Well, I should have known better than to take this out on an epic, head-high day. I was taking on a little water but not enough to worry about. The board was light and responsive but the surf wasn’t cooperating. After about the 5th ride I could feel the lamination separating. Before I could take that one last ride into the beach, I snapped her spirit and she broke my heart. But what great time I had until that moment! Not sure it was worth all the effort now but secretly I’m planning the next one…
This is my second full-size, rideable, 3d printed surfboard. Design goals: Artistic, Drainable, Functional.
The first lamination did not go as expected so now I’m trying to figure out a good way to get more fiberglass on the board. The first lamination had small holes that I thought would create problems if I tried to use a more traditional method of lamination, with a squeegee for example. I opted to go with Sheldrake’s paintbrush method again but using a UV Cure resin that will let me take my time to get everything right before setting off the cure.
The process I used is illustrated in the video. All told I’m pretty happy with the results. I think I could have done this whole lamination and fins in one day with full-sun.
UV Resin is freaking awesome, I didn’t have to rush and it looks fantastic. Only problem was having to wait for a good sunny day with low wind. (and time off from work)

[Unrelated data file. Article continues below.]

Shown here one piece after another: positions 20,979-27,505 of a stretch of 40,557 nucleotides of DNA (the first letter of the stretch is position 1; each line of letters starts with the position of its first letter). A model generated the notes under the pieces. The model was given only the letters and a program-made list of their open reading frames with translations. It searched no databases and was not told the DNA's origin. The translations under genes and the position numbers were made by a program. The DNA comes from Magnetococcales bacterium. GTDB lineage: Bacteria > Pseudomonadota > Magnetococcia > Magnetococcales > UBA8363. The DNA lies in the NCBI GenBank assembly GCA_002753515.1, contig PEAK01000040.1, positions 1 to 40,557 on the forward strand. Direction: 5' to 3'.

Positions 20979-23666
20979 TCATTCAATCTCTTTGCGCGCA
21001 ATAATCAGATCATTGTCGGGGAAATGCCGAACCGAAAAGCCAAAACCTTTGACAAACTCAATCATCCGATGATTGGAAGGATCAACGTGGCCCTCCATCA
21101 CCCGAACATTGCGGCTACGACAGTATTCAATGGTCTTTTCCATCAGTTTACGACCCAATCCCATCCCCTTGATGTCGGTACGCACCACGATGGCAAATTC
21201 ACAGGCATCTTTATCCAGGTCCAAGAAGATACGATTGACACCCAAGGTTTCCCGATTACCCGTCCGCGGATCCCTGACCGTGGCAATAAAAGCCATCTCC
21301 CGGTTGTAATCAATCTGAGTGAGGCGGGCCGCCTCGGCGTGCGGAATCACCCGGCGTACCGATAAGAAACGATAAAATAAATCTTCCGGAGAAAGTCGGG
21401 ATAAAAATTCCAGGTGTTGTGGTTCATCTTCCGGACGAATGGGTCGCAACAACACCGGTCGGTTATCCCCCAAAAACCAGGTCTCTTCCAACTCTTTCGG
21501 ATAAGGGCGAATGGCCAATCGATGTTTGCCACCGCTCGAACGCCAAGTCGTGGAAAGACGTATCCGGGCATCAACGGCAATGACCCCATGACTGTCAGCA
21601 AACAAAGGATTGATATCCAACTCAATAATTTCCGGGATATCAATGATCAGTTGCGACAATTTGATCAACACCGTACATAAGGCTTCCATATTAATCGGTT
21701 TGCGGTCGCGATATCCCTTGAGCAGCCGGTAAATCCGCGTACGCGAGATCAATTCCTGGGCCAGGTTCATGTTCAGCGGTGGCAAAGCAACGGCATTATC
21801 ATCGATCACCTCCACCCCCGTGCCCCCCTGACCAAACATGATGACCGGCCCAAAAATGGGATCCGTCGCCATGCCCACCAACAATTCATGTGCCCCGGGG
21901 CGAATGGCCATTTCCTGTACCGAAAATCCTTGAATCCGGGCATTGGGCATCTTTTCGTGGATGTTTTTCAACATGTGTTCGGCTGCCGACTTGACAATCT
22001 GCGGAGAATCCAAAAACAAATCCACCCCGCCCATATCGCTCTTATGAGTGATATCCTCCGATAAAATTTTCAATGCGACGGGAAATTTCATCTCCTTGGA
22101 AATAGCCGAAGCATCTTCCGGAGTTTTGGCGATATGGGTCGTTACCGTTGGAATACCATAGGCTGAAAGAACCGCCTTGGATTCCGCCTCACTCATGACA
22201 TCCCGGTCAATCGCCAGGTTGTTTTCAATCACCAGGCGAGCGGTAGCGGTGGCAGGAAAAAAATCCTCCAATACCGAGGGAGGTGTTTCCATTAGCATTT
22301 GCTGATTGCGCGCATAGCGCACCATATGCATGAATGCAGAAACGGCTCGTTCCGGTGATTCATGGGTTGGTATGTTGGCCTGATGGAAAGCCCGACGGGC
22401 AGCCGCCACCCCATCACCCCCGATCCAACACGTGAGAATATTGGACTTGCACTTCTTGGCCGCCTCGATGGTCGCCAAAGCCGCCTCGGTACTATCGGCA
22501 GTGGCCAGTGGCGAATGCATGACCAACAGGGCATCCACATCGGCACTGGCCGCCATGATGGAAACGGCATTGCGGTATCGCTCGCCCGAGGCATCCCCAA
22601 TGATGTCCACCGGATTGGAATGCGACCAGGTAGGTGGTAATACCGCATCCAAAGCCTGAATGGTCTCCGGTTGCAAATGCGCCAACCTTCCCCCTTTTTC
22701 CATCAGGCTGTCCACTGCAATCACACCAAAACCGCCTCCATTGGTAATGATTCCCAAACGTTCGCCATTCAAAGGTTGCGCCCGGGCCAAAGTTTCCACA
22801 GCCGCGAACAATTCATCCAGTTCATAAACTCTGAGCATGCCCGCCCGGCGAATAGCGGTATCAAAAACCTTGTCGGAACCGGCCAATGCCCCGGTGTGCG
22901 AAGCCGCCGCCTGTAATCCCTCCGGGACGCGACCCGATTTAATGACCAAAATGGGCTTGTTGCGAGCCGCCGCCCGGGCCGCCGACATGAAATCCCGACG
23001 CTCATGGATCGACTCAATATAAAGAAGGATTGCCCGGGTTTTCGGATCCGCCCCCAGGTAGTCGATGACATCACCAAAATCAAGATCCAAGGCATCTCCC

On the last board, overworking the brush aerated the resin and caused a milky finish. This time I tried not to wipe the brush on the edge of the cup or go over the same area too often and the finish was far better.
If I pressed too hard on the brush, some epoxy would squeeze through the first lamination and pool just under the surface which was disheartening. I had to be conscious of how I held the brush the entire time, one slip and there was no coming back. Luckily I only have a few ‘bad’ spots this time around.
After curing the fiberglass lamination until it was firm, I applied a sanding coat with a squeegee and cured that layer before trimming off the excess. This resulted in a thicker lap line but also saved me from having to re-tape the board. Technically I don’t need to apply another coat after doing this but I can still feel some texture from the fiberglass. I’m thinking it may leak a bit…
For the second side, I sanded down the previous lap line and put the new lap line as far as I could up the rail without being on the bottom to get the most overlap.
Ultimately, the finish is wavy as heck and there is no way to sand it with a electric sander without creating more problems. Since I don’t expect great performance from this board I’m just going to go with the flow. It looks great as it is and I put a vent in the bottom and holes throughout the design to drain any water that may leak in. Just need to slap on some fins and add the leash retention pad.